Key leaders in the U.S. Congress are voicing support for pro-democracy protesters in Burma. Democratic House Speaker Nancy Pelosi and the chairman of the House Foreign Affairs Committee vowed legislative steps in response to the crackdown by Burma's military.
Congresswoman Pelosi used a regular news conference to voice strong support for the people of Burma, who she says are standing up to what she calls a corrupt, illegitimate military regime.
Noting that Congress has long stood behind Burma's democracy movement, she referred to the courage of Burmese democracy leader Aung San Suu Kyi, who has been under some form of detention for two decades.
Pelosi turned her remarks to actions she says the U.S. and other nations must take in coming weeks:
"The international community cannot stand by while peaceful demonstrators are arrested, beaten and murdered. Let there be no doubt that we stand with the freedom-seeking people of Burma in their just cause."
Pelosi spoke Friday with President Bush, who has announced a tightening of U.S. sanctions on Burma, including a ban on visas for what are called human rights violators and their relatives.
Existing U.S. sanctions already prohibit visas for Burmese military officials, along with bans on imports from Burma and a freeze on foreign assets of Burmese banks, and an investment ban for U.S. companies and individuals.
Pelosi says she is working with the chairman of the House Foreign Affairs Committee, California Democrat Tom Lantos, on specific legislative steps:
"In Congress we plan to bring legislation to the floor with the strongest possible language to condemn the crackdown on peaceful protesters, and tighten economic sanctions for those responsible for those gross violations of human rights [and we] commend the president for his strong statements on Burma and sanctions on Burma."
In an interview with VOA's Burmese Service, Congressman Lantos followed up on a previous written statement on Burma, in which he warned Burma's military not to repeat what he called its "terrible mistake" of 1988 when it used violence against demonstrators.
Lantos says U.S. efforts should focus on obtaining the cooperation of China, among others, and he had this message for Burma's military rulers:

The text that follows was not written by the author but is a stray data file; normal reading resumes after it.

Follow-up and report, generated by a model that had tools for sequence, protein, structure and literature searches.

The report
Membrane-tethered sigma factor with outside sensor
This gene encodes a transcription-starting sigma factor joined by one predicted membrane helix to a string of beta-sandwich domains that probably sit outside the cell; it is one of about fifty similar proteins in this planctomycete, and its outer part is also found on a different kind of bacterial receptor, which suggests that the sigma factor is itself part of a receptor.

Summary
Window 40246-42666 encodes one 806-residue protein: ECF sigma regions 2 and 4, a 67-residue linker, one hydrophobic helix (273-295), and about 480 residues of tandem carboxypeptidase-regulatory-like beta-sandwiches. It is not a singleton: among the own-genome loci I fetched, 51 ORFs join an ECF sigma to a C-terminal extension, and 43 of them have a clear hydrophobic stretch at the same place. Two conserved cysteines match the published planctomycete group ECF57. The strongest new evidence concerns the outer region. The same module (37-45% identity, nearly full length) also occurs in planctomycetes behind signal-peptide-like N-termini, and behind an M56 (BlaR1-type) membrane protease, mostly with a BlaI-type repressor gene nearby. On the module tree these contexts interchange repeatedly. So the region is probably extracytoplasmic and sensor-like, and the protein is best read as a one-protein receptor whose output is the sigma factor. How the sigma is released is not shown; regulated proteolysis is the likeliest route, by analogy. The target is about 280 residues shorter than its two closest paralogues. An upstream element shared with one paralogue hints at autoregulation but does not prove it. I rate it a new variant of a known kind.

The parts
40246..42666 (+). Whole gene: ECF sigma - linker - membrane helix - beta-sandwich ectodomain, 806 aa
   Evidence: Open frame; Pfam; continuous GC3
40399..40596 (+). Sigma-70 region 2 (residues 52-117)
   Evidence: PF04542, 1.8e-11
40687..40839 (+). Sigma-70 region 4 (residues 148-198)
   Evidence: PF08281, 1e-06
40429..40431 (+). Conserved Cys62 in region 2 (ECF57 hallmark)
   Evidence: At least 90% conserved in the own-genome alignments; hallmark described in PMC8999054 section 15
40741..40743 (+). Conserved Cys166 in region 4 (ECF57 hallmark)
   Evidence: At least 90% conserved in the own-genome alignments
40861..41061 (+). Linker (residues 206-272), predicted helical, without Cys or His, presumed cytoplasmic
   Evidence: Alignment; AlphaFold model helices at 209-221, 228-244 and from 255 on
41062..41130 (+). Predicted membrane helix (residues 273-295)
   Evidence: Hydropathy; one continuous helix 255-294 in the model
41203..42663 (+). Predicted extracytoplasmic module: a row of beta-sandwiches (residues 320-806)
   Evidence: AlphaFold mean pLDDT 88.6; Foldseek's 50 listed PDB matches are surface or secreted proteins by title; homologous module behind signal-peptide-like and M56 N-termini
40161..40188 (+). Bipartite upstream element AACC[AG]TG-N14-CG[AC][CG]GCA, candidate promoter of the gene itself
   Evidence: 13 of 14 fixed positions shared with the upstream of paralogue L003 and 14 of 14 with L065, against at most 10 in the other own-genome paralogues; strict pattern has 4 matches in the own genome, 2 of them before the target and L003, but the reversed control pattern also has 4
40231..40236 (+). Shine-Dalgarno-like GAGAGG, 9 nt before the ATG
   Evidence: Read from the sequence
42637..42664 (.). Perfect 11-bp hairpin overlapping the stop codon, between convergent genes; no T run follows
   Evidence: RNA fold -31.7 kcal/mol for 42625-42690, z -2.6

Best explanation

"I call on those members of [Burma's] military who have the desire to move in the right direction to do so at this moment. This can be a turning point in Burmese history and some of the Burmese military leaders have shown indication that they don't like this policy, that they want to put an end to this policy."
Any new U.S. legislation is likely to receive overwhelming if not unanimous bipartisan support in the House and Senate, and would likely be placed on a fast track for consideration.
President Bush discussed the situation in Burma during a video conversation with and British Prime Minister Gordon Brown.
White House spokeswoman Dana Perino said they agreed to continue to work cooperatively to keep pressure on Burma's military, and discussed potential new steps by the European Union (EU).
Perino said more will be known after the visit to Rangoon by U.N. envoy Ibrahim Gambari, adding he should be allowed to carry out his full mission:
"We have called on the Burmese to allow him to be able to meet with anyone he wants to meet, military leaders, religious leaders, and Aung San Suu Kyi, and we will have more information as we get it out of that meeting. In addition to that, yesterday the Treasury Department tightened sanctions on many individuals, and the State Department has just announced additional people who are placed on their travel ban."
Perino was unable to provide additional details of the Burma portion of a meeting Thursday between President Bush and China's foreign minister, other than to note the president was pleased with China's help with U.N. envoy Gambari's visit to Burma.
Along with any new binding legislative measures, the House and Senate are likely to approve a resolution calling for the immediate and unconditional release of Aung San Suu Kyi, and urging China and other countries providing Burma's military with political and economic support to join in efforts to pressure Burma's military.